Guidelines/Policy Statement (Describe the agency’s intent or philosophy regarding
these guidelines/policy.)
It shall be the guidelines/policy of this agency to thoroughly investigate all reports of human
trafficking. Additionally this agency holds that every credible tip and/or victim call will be
considered at risk until significant information to the contrary is confirmed.
Jurisdictional conflicts are to be avoided when a trafficking in person victim or tip call comes
in. If a victim of human trafficking or credible tip either resides in, or was last seen in this
jurisdiction, this agency will immediately initiate the required reporting process. If a human
trafficking victim or credible tip resides in this jurisdiction and was last seen in another
jurisdiction, but the law enforcement agency covering that jurisdiction chooses not to take a
human trafficking report, this agency will assume reporting and investigative responsibility
for victim calls, Crime Stoppers will assume reporting and investigative responsibility for
credible tip calls.
Questions concerning immigration status occasionally arise in relation to trafficking in
persons reports. The existence of the elements of the crime of trafficking shall be the sole
factor that determines the proper method of handling the incident. It shall be the
guidelines/policy of this agency to accept the victim report or tip of human trafficking, if
indicators (See Appendix 6.2) alert the Telecommunicator to the possibility of this crime,
even if a crime of human trafficking has not been formally established. Reporting parties
shall be encouraged to dispatch law enforcement and the human trafficking POC as soon as
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possible. However, since the safety of the human trafficking victim is paramount, members
of this agency will when warranted give a human trafficking incident call the same priority as
any other life threatening call.
III.
Definitions
Describe what circumstances control report acceptance.
A. The term human trafficking or “severe forms of trafficking in persons” is defined as:
1. All acts involved in the transport, harboring, or sale of persons within national or across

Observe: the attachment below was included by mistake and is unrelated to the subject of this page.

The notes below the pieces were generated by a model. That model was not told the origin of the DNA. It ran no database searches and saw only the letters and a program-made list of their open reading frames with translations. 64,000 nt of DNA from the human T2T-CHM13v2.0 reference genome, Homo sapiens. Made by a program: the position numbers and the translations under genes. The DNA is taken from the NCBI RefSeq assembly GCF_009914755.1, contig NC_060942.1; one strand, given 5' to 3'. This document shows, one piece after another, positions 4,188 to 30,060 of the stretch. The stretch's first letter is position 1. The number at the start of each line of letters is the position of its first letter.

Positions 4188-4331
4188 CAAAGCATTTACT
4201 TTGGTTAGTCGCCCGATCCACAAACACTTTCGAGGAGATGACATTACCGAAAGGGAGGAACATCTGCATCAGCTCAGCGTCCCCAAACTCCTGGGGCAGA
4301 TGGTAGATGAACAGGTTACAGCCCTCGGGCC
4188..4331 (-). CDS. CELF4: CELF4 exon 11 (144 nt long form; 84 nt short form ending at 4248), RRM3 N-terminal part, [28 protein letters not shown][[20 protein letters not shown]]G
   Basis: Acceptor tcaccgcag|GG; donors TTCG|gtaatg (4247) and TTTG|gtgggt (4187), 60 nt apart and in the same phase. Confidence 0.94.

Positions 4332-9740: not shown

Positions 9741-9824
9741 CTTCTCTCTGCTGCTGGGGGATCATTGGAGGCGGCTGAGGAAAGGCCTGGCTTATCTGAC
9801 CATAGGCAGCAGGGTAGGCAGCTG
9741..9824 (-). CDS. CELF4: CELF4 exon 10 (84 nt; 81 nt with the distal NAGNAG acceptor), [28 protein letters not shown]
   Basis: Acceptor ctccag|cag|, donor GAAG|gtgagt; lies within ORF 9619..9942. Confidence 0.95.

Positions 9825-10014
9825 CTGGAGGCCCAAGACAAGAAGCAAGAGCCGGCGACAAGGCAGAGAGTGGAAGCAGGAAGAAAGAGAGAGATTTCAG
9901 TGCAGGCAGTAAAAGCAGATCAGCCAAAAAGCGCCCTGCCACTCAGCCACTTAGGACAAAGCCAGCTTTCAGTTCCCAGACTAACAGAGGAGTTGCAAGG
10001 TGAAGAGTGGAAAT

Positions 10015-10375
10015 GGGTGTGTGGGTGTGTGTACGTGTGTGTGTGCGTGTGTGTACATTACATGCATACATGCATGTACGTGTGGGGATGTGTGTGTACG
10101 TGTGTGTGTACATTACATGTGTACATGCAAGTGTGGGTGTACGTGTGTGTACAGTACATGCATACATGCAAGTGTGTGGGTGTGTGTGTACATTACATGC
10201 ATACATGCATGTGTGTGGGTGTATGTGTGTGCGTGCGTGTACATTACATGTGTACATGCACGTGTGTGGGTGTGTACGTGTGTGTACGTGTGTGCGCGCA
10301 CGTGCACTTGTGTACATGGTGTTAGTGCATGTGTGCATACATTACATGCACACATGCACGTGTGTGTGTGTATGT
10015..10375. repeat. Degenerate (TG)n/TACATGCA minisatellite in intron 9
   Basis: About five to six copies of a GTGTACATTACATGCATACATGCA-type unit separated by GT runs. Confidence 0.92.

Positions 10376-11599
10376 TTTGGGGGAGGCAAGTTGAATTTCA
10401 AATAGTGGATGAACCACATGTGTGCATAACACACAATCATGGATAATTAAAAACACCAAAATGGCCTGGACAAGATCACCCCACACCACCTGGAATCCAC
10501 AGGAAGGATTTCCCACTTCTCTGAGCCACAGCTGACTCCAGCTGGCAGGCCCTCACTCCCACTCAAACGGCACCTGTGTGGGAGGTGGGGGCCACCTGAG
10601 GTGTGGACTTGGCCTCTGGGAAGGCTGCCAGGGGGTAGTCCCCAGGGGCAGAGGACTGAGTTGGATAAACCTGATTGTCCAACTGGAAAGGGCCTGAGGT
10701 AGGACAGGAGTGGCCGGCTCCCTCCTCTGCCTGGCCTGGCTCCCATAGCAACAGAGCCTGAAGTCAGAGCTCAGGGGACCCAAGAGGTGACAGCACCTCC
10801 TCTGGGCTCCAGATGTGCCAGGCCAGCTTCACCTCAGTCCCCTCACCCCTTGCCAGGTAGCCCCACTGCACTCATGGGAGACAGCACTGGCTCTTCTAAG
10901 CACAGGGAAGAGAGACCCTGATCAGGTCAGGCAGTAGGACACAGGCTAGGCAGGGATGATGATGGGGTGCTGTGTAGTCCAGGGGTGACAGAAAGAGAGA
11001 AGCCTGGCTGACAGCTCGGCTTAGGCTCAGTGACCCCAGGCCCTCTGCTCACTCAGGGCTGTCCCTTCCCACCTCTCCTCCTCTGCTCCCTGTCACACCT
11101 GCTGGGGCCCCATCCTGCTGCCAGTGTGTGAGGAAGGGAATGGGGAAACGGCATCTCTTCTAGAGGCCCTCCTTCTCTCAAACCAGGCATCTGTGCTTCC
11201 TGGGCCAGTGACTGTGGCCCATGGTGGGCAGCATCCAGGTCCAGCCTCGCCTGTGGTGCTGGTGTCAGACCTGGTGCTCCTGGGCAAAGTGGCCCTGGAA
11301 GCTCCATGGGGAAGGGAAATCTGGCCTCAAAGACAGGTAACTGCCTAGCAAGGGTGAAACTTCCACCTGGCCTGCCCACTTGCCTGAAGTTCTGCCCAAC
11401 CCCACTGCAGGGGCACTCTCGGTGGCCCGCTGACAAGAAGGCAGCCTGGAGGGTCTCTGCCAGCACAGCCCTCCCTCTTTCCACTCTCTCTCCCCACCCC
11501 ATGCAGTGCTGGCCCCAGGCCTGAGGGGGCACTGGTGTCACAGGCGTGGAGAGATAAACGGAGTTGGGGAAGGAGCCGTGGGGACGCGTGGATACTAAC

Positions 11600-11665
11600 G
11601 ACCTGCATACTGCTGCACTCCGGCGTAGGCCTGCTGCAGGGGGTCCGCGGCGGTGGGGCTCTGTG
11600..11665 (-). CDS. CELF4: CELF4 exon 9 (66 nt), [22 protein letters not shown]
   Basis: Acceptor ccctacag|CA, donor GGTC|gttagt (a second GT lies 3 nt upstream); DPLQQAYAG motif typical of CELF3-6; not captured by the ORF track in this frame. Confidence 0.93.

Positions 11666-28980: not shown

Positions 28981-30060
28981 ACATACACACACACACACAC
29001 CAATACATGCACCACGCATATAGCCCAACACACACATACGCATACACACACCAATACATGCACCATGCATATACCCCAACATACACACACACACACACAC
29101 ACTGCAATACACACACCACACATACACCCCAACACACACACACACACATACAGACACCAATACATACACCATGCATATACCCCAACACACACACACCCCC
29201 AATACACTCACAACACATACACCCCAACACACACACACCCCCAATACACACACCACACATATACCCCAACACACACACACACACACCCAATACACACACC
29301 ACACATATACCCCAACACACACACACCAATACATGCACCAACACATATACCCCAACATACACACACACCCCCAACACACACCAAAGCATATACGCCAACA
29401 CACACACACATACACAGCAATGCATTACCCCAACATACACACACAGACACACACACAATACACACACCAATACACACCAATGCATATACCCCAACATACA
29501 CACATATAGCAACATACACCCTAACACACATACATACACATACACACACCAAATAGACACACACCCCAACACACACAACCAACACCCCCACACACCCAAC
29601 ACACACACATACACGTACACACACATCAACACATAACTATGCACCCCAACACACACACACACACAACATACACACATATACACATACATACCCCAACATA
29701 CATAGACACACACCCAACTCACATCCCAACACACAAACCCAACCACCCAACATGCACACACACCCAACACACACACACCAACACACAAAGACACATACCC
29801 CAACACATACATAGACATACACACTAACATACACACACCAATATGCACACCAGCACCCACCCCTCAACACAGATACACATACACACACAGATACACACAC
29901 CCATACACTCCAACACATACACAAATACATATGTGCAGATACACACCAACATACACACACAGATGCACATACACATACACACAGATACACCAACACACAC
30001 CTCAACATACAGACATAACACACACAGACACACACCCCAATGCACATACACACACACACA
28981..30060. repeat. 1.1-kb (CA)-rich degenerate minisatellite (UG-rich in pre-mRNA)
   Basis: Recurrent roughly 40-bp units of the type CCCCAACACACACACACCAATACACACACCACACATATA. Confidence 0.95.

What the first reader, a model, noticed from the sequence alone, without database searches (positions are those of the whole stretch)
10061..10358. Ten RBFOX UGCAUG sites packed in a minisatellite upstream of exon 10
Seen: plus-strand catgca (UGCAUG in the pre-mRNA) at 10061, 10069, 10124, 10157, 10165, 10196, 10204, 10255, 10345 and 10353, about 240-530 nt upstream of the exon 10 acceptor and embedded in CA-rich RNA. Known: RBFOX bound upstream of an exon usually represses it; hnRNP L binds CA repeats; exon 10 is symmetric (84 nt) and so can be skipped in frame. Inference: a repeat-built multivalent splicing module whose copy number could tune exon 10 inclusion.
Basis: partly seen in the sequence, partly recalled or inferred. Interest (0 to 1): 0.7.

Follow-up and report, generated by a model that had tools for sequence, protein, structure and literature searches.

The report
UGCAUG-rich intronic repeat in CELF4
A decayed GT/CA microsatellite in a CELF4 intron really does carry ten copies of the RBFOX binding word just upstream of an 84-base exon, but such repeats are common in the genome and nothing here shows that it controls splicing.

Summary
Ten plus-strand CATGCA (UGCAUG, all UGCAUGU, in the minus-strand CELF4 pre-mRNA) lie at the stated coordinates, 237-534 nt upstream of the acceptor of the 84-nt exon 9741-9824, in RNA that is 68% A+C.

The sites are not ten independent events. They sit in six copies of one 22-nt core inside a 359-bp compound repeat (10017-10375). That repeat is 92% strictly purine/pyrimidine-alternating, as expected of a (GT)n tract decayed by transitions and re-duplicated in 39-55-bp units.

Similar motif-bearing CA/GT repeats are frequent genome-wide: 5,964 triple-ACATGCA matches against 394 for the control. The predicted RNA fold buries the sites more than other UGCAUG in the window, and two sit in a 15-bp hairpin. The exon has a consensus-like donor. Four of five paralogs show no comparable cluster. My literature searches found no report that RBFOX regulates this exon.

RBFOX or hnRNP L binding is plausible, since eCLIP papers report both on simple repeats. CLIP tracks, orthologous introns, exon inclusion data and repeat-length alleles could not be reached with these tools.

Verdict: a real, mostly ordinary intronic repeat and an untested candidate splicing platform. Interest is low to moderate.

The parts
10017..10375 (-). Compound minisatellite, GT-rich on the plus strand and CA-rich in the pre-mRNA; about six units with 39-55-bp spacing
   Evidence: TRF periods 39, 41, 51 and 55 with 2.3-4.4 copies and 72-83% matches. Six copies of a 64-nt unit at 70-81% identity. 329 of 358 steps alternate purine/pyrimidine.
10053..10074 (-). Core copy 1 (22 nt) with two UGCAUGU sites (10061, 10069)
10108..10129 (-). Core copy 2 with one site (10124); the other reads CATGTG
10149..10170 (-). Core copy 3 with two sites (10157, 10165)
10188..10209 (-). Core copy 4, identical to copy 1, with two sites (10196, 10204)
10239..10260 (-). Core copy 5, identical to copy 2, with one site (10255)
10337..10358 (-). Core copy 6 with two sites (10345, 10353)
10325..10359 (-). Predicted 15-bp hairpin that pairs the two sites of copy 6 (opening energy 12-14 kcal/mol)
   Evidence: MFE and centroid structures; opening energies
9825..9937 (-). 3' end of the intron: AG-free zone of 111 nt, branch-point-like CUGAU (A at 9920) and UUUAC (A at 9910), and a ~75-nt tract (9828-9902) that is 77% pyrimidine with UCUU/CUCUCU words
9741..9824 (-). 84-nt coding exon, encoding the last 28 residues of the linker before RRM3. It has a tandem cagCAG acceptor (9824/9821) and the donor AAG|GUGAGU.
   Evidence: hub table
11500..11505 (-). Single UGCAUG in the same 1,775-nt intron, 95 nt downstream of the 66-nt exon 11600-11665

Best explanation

international borders through coercion, kidnapping, deception, or fraud for the purpose of
placing persons in situations of forced labor or services such as domestic servitude,
factory or agricultural work; or
2. Sex trafficking in any commercial sex act induced by force, fraud, or coercion. It is
always considered a severe form of trafficking if the person induced to perform the
sexual act is under the age of majority, regardless of whether the elements of force, fraud
or coercion are involved.
B. The term victim refers to a person who is
1. A trafficked person or victim who is held by force, fraud and/or coercion
2. An individual who was subjected to trafficking and is now participating in the criminal
justice system as a witness for the government against the trafficker.
C. The term credible tip refers to:
1. A report from a confidential and anonymous tipster that contains information sufficient
for law enforcement to initiate an investigation, obtain corroborating evidence, and
possibly effect a felony arrest.
D. The term Tipsoft refers to:
1. A brand name of tip management software.
E. The term tipster refers to:
1. A confidential informant who reports information regarding criminal activity, including
human trafficking activity, to a Crime Stoppers’ telephone tip line, or who reports such
information electronically through an internet website or text messaging system
designated for anonymous Crime Stoppers tips.
F. The term other human trafficking calls refers to
1. Training and information requests and any other calls that do not fall into victim and/or
credible tip category.
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G. A human trafficking victim will be considered “at-risk” when one or more of the unusual
circumstances noted in paragraph H are present.
H. The term unusual circumstances refers to a trafficking victim who is:
1. Under the age of majority or –
2. Believed to be one or more of the items noted below.
- A potential victim of foul play or sexual exploitation. Risk to the victim can be
assumed if investigation indicates a possible abduction or victim escape, potential
violence at the scene, or signs of sexual abuse or physical harm.